Lynchburg Journal of Medical Science
Dr. Bernard Toney
Objective: The purpose of this article is to review prehospital hemorrhage protocols and identify best practices.
Method: A PubMed search was conducted using search terms prehospital hemorrhage, shock, massive transfusion, and damage control resuscitation. Additional searches for relevant primary literature were performed. Evidence from the literature review was compared alongside the Joint Trauma System’s Damage Control Resuscitation Guidelines. All of the identified research pertains to studies involving adult patients; this review bears no implication on pediatric hemorrhage resuscitation protocols.
Results: Evidence for prehospital blood transfusion is considered low-quality, but the practice is considered safe and effective. Crystalloids are not preferred for prehospital hemorrhage resuscitation. Permissive hypotension seems safer than large volume crystalloid transfusion. Tranexamic acid (TXA) and plasma show promise as prehospital hemorrhage resuscitation adjuncts. Prehospital packed red blood cells (pRBC) transfused with plasma have demonstrated greatest survival benefit for prehospital hemorrhage treatment. Further research is needed on the role of whole blood in prehospital hemorrhage resuscitation.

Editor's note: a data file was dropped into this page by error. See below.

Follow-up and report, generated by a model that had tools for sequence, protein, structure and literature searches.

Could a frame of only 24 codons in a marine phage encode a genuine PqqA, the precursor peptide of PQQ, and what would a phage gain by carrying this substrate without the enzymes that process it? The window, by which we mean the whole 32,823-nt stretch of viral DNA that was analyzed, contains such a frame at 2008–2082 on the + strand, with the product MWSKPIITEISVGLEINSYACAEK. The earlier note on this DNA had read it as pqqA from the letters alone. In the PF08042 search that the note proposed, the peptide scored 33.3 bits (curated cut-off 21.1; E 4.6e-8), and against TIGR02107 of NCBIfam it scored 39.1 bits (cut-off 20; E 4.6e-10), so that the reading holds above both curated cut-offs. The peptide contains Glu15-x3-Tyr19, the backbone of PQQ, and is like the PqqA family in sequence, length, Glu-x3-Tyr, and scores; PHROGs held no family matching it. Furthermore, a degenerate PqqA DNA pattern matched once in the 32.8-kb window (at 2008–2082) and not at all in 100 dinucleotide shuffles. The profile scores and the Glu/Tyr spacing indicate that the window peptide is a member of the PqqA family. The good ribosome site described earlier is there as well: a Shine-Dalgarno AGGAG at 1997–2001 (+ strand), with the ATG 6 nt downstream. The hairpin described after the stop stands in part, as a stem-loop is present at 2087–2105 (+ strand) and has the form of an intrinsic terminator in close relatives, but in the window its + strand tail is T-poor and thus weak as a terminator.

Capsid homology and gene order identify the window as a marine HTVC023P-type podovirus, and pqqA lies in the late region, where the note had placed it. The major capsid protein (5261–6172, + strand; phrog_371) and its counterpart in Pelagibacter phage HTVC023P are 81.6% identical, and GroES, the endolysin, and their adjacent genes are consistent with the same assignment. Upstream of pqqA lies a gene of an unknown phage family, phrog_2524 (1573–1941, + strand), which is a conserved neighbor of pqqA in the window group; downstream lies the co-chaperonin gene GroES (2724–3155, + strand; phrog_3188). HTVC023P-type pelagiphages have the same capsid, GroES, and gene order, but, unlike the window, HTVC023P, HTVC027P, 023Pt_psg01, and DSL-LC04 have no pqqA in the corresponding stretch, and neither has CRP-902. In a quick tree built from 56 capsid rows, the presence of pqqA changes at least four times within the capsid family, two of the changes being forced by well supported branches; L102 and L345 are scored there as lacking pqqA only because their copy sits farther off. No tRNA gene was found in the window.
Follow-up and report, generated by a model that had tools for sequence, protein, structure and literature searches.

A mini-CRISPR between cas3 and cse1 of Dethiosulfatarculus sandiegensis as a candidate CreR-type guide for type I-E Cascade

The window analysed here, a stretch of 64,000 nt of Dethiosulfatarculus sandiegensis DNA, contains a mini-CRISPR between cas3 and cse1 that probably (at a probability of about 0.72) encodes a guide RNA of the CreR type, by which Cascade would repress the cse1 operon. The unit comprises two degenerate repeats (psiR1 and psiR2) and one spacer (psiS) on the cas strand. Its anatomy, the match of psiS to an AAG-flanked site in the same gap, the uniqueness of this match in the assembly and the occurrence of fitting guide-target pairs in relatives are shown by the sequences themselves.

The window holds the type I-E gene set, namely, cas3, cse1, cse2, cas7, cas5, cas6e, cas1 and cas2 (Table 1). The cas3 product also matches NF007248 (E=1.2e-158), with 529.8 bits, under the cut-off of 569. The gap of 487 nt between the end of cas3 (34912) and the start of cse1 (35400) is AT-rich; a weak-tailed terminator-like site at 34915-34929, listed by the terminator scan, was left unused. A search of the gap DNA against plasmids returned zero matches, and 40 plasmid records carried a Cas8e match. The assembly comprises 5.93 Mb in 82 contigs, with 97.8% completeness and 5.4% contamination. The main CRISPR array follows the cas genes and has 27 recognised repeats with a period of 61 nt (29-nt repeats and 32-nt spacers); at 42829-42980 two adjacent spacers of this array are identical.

Conclusion: Blood products should be used in prehospital hemorrhagic shock resuscitation. If blood products are not available, a controlled resuscitation strategy seems most appropriate. Appropriate pre-hospital management of massive hemorrhage is a subject of debate, but identifying a best and practical approach should improve outcomes for trauma patients.
Keywords: Prehospital, Hemorrhage, Shock, Resuscitation.
Liszewski AN. Prehospital Hemorrhage Resuscitation Best Practices. Lynchburg Journal of Medical Science. 2022; 4(3).
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